‘The Gododdin: Lament For The Fallen’ Is a Pathos Laden Masterpeice

Before I dive into this review, I feel a bit of a grounding is needed. The Gododdin by Gillian Clarke is a collection of short elegies mourning the aftermath of a disastrous battle. It is also known by its Brittonic name Y Gododdin, but I will use the English as that is what the book uses.

This battle happened in a region known in Brittonic languages as Yr Hen Ogledd (The Old North) which included much of southern Scotland and northern England, and remembered a time before Germanic tribes started to conquer the kingdoms there.

At this time most of England, Wales and southern Scotland spoke interrelated languages (all descended from Common Brittonic) and shared cultural traditions. Steadily Germanic tribes started to settle in the east and conquer more and more land. As the regions speaking Common Brittonic became separated from each other, their languages diverged more and more. Some of these languages died out or were deliberately relegated in favour of English, as such most of the literature and oral tales from that period only survive in Welsh forms, as the Welsh language did not suffer as much as the others.

Interestingly, this poem also contains the earliest direct reference to Arthur, who is used as an example of a heroic warrior, and so must have already been a well-known figure/myth.


The Gododdin is perhaps the oldest work of British literature, having been written between the 7th and 10th centuries. It is attributed to the poet Aneirin, who likely wove together the different versions into one written text. Before this time, it is most likely that it was transmitted as an oral tale. This spoken nature can be felt in the heavy use of alliteration and rhyme, which Ms Clarke cleverly incorporates into her translation, without feeling forced. This is not just for reading them out loud, as the elegies would likely have been sung, rather than simply recited.

The link between poetry and music is very clear in Brittonic languages. Consider the Welsh credd, which means both ‘song’ and ‘poem’, or the Cornish kan, which means the same. This translation manages to be faithful to that idea, and I found myself muttering along as I read. These poems almost demand to be given sonic form, and have a rhythm and melody to them.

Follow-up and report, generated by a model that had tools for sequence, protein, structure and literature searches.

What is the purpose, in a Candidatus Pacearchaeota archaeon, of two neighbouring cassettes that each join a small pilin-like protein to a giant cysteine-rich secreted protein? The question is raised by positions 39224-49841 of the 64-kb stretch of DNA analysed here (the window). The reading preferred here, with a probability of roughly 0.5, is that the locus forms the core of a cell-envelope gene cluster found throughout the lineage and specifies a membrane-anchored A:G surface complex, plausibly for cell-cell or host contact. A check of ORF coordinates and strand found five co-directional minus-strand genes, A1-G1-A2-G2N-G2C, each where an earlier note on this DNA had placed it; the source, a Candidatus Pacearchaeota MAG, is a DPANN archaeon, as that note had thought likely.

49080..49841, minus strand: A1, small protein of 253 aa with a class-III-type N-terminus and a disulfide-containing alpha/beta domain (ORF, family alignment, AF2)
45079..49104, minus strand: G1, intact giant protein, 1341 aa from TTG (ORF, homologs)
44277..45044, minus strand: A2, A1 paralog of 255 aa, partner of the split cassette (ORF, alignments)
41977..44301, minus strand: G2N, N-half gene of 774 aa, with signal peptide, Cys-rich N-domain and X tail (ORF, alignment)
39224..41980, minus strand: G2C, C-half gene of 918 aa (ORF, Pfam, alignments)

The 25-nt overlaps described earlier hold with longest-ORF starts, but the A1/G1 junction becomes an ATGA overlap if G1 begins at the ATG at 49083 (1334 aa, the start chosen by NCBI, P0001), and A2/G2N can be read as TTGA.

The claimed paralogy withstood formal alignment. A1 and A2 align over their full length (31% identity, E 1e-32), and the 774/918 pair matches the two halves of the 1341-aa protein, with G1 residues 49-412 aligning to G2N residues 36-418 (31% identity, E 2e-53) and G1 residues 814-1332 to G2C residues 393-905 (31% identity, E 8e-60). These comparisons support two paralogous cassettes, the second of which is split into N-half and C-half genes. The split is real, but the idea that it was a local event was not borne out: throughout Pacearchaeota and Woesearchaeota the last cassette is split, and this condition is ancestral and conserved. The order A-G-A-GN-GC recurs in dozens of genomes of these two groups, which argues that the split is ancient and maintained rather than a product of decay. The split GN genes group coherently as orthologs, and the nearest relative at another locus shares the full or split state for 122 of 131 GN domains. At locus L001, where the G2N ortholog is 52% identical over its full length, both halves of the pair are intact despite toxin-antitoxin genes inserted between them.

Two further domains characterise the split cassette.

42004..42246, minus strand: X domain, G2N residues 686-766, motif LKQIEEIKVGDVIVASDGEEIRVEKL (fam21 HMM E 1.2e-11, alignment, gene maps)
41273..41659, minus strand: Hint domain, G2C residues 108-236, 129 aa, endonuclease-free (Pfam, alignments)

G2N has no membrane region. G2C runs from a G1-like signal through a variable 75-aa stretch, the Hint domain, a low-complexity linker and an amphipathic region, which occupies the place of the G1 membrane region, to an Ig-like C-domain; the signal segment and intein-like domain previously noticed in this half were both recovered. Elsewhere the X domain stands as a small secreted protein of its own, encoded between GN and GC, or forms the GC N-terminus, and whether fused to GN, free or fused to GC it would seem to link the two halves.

A thing to note, is that the written version straddles Old and Middle Welsh, and so shows the evolution of language within the UK, and poses an extra difficulty for translation. Do you try to mirror that complex blend of grammar and vocabulary, or stick to a single language style?


One aspect of the poem that fascinates me is how it straddles many of the constituent parts of the UK. Written in a language that would end up focused in Wales, set in a kingdom that straddles what is now southern Scotland and north-east England.

This helps to show the fluid nature of nations, and that the UK is far more complicated than the idea of four constituent parts might give. Ms Clarke, also makes clear the complexity of identity. The stories of these poems (alongside others) are a key part of the Welsh literary tradition, and yet frequently are kept at a linguistic remove. In translating Ms Clarke has not merely carried the poem over from one language to another, but created a bridge linking the languages and literary traditions.

In this way the layout of the book is vital. By presenting each translated poem opposite the Old Welsh original, the link between them is preserved. This might be a heavily domesticated translation, in that the English does not feel alien, but it does not try to hide its nature as a translation. There is also a certain poignance that this poem, commemorating scores of deaths in a battle between Brittonic and Germanic kingdoms, now sits in two facing forms, one in a Brittonic language, and the other in a Germanic one.


Now, this might all seem rather academic, but these poems feel anything but. They are full of pathos and emotion. You get a sense of the youthful brashness of some of the characters, before they go off to war. And then a strong taste of the sadness left behind, as their family grieves.

To build on the powerful sense of loss, Ms Clark has chosen to include a poem known as Pais Dinogad, which is not a normal part of The Gododdin. It describes a child being told about their dead father. The descriptions of the father as a hunter, link into the martial traditions of The Gododdin, and the language is very similar in terms of praise, yet it is undercut by the pathos of realising that this man has died leaving a small child to mourn him. This sense is heightened by the use of the Welsh ‘tada’ instead of the rather Germanic feeling, and formal, ‘father’ or the rather diminutive and sentimentally loaded ‘dad’.

For this reason, you should find a copy. It might be a fascinating insight into early British literature, and show the complexities, both in terms of culture and language, of parts of the UK, but ultimately it is a hard-hitting poetic memorial to the suffering of war, and the power of grief. For in reading these elegies, which Ms Clarke has titled after those they remember, you are keeping an aspect of those people alive, and linking into a sense of shared mourning.


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